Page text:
Who benefits from child care? Moms and boys (and society)

Okay, daughters, too, but one of the interesting findings of research into this area is that boys benefit more than girls.  Lots of interesting stuff in this Upshot piece from Claire Cain Miller:

Helping parents pay for that care would be expensive for society, too. Yet recent studies show that of any policy aimed to help struggling families, aid for high-quality care has the biggest economic payoff for parents and their children — and even their grandchildren. It has the biggest positive effect on women’s employment and pay. It’s especially helpful for low-income families, because it can propel generations of children toward increased earnings, better jobs, improved health, more education and decreased criminal activity as adults. [emphasis mine]

Damn.  That’s an impressive list.  What a tremendous potential investment for government to make.  Alas, we wouldn’t want to take women away from their “essential” role or fail to ignore the fact that lots of women need to work for simple economic reasons.

For a country that struggles far too much with inter-generational mobility, the latest research should provide plenty of incentive:

A powerful new study — which demonstrated long-term results by following children from birth until age 35 — found that high-quality care during the earliest years can influence whether both mothers and children born into disadvantage lead more successful lives. The study was led by James J. Heckman, a Nobel laureate economist at the University of Chicago.

“They’re engaged more in the work force, they’re now active participants of society, they’re more educated, they have higher skills,” Mr. Heckman said. “So what we’ve done is promoted mobility across generations.”

And, it really is amazing how profound the impact is on males:

When the boys reached age 30, they earned an average of $19,800 more a year than those in the control group and had half a year more education. (The small sample size — 37 boys in the programs who stayed in the study — means the difference was not very precisely estimated.) When the girls reached 30, they had two more years of education and earned about $2,500 more, the study found.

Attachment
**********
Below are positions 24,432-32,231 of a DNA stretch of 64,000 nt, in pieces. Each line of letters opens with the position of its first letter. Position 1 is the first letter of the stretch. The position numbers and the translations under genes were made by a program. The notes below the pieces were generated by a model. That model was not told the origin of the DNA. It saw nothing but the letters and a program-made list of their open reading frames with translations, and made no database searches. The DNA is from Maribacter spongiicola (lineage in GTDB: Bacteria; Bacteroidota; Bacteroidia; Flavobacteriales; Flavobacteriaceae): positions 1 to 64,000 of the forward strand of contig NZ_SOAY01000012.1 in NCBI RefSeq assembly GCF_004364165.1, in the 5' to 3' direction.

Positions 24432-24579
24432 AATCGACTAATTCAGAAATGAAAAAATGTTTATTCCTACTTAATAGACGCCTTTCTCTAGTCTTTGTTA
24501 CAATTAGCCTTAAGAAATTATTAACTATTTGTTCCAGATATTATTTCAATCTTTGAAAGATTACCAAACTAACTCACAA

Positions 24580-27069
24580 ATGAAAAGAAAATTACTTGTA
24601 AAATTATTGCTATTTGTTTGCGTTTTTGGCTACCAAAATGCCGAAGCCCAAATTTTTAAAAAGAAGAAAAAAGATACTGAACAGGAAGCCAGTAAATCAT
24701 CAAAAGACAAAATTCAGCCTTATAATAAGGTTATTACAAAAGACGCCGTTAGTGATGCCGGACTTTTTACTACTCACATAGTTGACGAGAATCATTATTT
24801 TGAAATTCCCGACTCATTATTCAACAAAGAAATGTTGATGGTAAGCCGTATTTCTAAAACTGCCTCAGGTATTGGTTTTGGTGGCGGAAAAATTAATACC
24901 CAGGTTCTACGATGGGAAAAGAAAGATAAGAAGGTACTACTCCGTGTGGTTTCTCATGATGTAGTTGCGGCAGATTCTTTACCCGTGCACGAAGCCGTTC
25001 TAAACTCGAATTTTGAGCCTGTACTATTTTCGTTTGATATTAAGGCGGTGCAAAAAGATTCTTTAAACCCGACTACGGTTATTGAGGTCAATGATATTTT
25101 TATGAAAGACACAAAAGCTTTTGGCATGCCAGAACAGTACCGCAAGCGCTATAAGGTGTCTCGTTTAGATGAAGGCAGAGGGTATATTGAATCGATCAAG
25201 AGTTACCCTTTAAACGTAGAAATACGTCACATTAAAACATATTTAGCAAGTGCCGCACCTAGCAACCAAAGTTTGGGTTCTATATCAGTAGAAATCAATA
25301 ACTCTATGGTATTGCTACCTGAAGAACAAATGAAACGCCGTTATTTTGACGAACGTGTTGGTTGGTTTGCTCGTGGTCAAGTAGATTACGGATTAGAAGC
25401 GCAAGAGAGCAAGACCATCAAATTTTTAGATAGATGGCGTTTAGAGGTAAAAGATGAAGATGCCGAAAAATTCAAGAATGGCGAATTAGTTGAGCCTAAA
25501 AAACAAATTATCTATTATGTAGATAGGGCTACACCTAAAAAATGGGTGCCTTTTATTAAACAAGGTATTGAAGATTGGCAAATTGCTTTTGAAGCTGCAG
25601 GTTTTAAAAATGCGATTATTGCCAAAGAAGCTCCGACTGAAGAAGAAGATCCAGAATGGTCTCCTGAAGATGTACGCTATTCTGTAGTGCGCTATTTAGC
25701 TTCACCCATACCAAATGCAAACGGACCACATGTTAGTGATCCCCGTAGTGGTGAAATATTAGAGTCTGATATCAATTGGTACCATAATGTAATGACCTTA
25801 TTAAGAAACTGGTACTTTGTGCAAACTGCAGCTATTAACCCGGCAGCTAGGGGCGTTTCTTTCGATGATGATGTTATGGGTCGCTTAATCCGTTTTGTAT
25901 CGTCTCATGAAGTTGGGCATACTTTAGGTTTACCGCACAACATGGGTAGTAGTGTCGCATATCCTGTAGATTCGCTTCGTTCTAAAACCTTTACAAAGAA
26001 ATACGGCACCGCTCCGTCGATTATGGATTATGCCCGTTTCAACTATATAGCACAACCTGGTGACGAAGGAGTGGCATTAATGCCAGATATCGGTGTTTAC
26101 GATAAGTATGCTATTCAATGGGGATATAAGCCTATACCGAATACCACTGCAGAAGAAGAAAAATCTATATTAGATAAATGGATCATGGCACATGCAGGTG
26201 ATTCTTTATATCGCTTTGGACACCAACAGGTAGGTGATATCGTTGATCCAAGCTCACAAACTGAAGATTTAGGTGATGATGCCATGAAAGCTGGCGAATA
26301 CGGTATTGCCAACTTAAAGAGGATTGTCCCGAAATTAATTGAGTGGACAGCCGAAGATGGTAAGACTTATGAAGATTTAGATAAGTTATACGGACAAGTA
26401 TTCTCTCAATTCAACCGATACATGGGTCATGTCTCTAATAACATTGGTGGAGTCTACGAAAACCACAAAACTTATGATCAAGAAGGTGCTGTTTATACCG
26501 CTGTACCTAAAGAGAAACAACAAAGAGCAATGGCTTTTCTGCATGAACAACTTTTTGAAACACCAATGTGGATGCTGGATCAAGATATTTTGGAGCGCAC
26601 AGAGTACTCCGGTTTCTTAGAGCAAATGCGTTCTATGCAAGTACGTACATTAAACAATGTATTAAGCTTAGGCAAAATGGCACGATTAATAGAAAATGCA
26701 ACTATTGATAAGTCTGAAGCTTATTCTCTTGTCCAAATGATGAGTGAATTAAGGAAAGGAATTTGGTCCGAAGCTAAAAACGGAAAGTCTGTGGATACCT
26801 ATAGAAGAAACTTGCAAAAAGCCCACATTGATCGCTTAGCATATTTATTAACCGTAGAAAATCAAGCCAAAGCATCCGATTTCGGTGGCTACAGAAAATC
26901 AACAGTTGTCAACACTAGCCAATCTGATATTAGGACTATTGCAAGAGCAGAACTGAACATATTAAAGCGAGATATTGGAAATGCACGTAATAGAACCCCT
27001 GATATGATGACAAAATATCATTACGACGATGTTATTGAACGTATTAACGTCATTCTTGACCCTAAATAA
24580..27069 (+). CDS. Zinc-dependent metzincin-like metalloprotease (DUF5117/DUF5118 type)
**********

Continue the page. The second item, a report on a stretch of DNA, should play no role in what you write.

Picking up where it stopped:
In their mid-30s, men who attended the program were 33 percent less likely to be drug users, had fewer misdemeanor arrests and were less likely to have high blood pressure.

The conclusion that boys benefited more than girls meshes with other research findings that boys are more sensitive to disadvantage and responsive to intervention.

And dollars and cents– a hell of an investment:

The program was expensive — $18,514 per student a year — but after calculating effects like the cost to society of unemployment, crime and poor health, the researchers concluded that it returned $7.30 for every dollar spent. In addition to Mr. Heckman, the researchers were Jorge Luis García of the University of Chicago and Duncan Ermini Leaf and María José Prados of the University of Southern California.

The article mentions Ivanka Trump championing programs like this.  Encouraging, I guess.  But talk to me when Paul Ryan and Mitch McConnell realize this is a far better use of taxpayer dollars than tax cuts for rich people.

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About Steve Greene
Professor of Political Science at NC State http://faculty.chass.ncsu.edu/shgreene

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